PROJECT STATEMENT

“The opinion that art should not be political is itself a political opinion.” George Orwell

Life on earth as we have come to know it is the most beautiful chorus ever sung, the most lovely painting ever painted, and truly the highest art. Current scientific research is painting a different picture of our earth, one of devastating global climate change brought about by our seemingly innocent daily rituals of driving to work, warming our homes, and powering our modern lifestyles. Change needs to happen immediately, it cannot wait for a slow movement to build, we cannot be patient. We must act now. If we do nothing, change will happen, but it will not be a change for the better, and the best part of what we think of now as life on earth will vanish.

On April 14th we joined the Step it Up movement, a nationwide network of demonstrations calling for immediate policy change to address global warming. A group of local residents walked from the Olympic Sculpture Park to All City Coffee in Pioneer Square through downtown Seattle. We marked a line of new “terrain” – the shoreline that would be created in the case of a twenty-foot rise in sea-level, as could occur with the melting of the Greenland and Antarctic ice sheets. We call this twenty feet of sea-level rise the Watermark. Dressed in somber dark clothing each member of the group carried a bag of seeds to sprinkle along the way. As we walked a kind of meditation took place, we could hear the seeds hitting against the sidewalk, reflect on the state of affairs, and on each small action affecting the whole world. Designated participants talked with passersby and distributed cards explaining the project. On Earth Day 2007, we walked the line again giving a tour of the Watermark, and each person was astonished at what 20 feet looks like. In August, we were included in the Groundtruthing show where we showed a video of the first walk at SOIL Gallery in Seattle, distributed postcards, and led tours of the imaginary “new” waterfront. We used humor here, as we donned snorkel gear and swimsuits for an “underwater” tour, and carted along a giant block of ice to “water the urban desert.”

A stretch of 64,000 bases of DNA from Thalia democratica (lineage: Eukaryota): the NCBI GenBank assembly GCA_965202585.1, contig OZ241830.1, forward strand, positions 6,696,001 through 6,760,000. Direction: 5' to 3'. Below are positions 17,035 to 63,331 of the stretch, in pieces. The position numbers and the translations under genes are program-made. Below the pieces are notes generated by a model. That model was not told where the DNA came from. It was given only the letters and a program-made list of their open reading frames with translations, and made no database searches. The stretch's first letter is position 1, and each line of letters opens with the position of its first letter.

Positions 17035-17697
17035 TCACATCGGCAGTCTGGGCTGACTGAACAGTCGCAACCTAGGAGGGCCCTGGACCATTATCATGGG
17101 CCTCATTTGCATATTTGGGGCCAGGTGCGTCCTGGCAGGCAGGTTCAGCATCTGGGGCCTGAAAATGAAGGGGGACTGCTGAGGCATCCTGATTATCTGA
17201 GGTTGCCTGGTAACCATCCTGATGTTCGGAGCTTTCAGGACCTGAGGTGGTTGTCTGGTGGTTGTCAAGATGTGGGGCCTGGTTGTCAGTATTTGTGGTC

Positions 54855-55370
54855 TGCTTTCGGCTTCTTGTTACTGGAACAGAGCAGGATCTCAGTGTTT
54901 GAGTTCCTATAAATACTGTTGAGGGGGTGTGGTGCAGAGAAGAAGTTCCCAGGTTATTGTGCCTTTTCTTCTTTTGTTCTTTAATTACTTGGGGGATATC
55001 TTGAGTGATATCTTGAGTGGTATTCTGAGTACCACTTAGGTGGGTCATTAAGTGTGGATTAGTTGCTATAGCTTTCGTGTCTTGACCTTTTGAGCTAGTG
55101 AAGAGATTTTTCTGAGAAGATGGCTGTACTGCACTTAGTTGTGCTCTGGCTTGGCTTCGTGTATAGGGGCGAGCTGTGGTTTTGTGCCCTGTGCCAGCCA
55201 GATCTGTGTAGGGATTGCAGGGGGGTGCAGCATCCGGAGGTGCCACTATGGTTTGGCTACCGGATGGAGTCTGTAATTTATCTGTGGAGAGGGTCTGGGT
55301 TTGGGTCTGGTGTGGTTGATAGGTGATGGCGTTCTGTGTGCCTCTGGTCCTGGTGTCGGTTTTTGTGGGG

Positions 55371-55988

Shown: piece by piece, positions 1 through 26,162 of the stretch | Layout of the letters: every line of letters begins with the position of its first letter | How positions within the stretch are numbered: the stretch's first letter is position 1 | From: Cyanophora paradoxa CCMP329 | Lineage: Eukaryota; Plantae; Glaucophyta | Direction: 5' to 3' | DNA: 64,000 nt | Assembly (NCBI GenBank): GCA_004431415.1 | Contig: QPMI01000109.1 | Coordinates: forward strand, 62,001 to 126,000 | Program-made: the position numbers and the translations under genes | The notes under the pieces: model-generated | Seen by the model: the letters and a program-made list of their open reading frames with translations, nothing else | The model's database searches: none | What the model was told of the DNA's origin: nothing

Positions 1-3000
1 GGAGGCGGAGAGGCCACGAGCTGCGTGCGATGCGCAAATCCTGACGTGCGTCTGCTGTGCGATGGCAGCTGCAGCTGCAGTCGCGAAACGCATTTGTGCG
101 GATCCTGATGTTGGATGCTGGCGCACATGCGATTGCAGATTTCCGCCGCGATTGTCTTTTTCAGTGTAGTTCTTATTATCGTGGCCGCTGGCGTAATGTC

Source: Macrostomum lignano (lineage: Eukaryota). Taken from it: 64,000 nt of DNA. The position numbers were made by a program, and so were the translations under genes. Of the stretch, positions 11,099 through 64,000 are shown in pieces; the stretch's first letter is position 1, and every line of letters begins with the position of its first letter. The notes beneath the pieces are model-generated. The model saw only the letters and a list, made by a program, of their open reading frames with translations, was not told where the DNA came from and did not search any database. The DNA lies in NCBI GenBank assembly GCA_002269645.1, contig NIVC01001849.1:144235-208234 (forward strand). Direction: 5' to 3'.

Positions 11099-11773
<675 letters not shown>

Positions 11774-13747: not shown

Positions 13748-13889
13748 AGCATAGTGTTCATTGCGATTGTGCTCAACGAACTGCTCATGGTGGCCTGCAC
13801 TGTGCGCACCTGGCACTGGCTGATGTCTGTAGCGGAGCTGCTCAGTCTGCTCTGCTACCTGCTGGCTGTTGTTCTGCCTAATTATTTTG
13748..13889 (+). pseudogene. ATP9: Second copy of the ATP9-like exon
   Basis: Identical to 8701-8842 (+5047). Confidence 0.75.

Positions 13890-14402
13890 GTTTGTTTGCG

Enjoying a walk is by its very nature an art form, a dance, a place to contemplate. It is something we can do every day that would make a significant difference in the world. Rather than taking time, walking gives us time to enjoy the richness of the world around us, instead of speeding by at 60 miles an hour or more. It gives us a simpler pace that allows for spontaneous stops, unplanned encounters, and little delights for all five senses. When we take a walk, we become one with the world, not living in denial of it.